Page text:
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Selling without Amazon

Can ethical businesses always act like ethical shoppers when it comes to Amazon? In his latest Inside View article, Simon Birch unpicks this complex issue.


It’s long been recognised that consumer boycotts play a key role in the fight against ethically dodgy companies. But should we expect pioneering ethically-focused companies to join in the same consumer boycotts and say ‘no thanks’ to dodgy companies too?

This, in essence, was the question that an Ethical Consumer reader recently asked the Fairtrade coffee producer Cafédirect. Our reader was surprised to find that the company, which is consistently named as an Ethical Consumer Best Buy, sells its coffee on Amazon.

Accusations of industrial-scale tax avoidance, continual violations of workers’ rights and unfair business practices have all been levelled against the global online retailer. The result is that, in 2019, Amazon scooped first prize in Ethical Consumer’s 30th anniversary readers’ poll as the most unethical company of the past 30 years.

So, given Amazon’s evidently unethical track record, should an ethical company like Cafédirect have anything to do with the likes of Amazon?

Here’s the statement that Cafédirect sent to our reader:

"Selling on Amazon gives us the opportunity to reach more customers around the world. As a social enterprise that gives 50% of its profits back, the more customers we reach, the more profits we can share with our growers and their communities."

It’s a compelling argument, for the reality is that ethics are rarely black and white, and here Cafédirect are clearly employing a healthy dose of commercial pragmatism.

Gav Lawson from THTC organic clothing company agrees with Cafédirect.

“I wouldn’t judge companies like Cafédirect for selling on Amazon and I totally see it from their point of view as they’re looking out for their coffee farmers,” says Lawson whose company is also an Ethical Consumer Best Buy.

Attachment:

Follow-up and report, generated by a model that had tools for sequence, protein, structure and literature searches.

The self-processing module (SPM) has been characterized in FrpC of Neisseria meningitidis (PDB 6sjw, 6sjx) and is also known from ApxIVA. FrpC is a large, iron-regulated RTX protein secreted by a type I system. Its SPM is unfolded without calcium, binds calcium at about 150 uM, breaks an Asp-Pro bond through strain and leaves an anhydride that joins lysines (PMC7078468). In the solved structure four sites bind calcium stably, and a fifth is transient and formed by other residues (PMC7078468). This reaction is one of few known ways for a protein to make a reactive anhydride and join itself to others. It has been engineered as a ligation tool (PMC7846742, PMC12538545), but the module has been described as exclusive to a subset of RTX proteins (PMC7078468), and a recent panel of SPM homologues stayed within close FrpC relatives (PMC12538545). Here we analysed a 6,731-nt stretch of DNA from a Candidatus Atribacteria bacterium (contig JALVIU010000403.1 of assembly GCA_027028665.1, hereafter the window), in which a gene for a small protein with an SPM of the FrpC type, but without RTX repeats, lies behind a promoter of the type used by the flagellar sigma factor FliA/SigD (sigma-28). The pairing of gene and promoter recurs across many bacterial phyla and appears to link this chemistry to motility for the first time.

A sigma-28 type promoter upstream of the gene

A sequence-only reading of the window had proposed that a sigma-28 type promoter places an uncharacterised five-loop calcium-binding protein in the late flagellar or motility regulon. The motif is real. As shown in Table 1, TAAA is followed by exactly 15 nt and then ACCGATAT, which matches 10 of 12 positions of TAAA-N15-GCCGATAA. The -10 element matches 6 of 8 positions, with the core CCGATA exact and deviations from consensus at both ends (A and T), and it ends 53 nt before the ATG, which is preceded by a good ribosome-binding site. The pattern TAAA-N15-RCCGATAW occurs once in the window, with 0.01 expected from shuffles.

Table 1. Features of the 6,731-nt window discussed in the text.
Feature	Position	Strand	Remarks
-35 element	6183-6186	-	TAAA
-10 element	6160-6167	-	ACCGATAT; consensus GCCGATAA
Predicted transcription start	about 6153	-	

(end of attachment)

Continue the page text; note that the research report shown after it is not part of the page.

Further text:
This ‘means justifies the end’ line is also used by Tony Rollinson from Permaculture Magazine to explain why 50% of their book sales now come from Amazon:

“I wouldn’t choose to use Amazon myself, but as a business we need to be where most people can easily find us,”

says Rollinson whose books are aimed at helping to solve the climate and nature crises engulfing the planet. “We need more people wanting to make changes right now, so we need to be where people naturally go online and where people can find us to buy our stuff.”

Ethical Consumer’s co-editor Rob Harrison believes that Rollinson doesn’t have to justify selling his permaculture books on Amazon: “Because Amazon started by selling books, they are now so dominant within the book market that we wouldn’t really expect anyone who’s working in publishing not to work with Amazon because they simply don’t have the choice.”

One company that has said a firm no to Amazon though, is Lush Cosmetics, whose boss Mark Constantine told the Guardian that the global mega-corporation practises ‘piracy capitalism’. “It’s not conventional capitalism. What used to be the norm – paying your taxes – is now seen as somehow exemplary and that can’t be right,” said Constantine, who has recently struck a deal to sell Lush products on the ASOS clothing website.

Another company which has taken a stance against Amazon is the organic clothing company THTC.

“We refuse to sell our products on Amazon simply because we hate Amazon,” states Gav Lawson.

“I don’t want to sound all sanctimonious as I understand the difficulties of trying to survive as a business without being on Amazon, however we just made the decision not to go with them and instead we’re putting all our resources into selling through our own website,” he says.

“Boycotting Amazon has undoubtedly cost us money and exposure,” he admits, “but we’re doing alright and in the long run it’s the right decision for us.”

Want to know more about the issues around Amazon?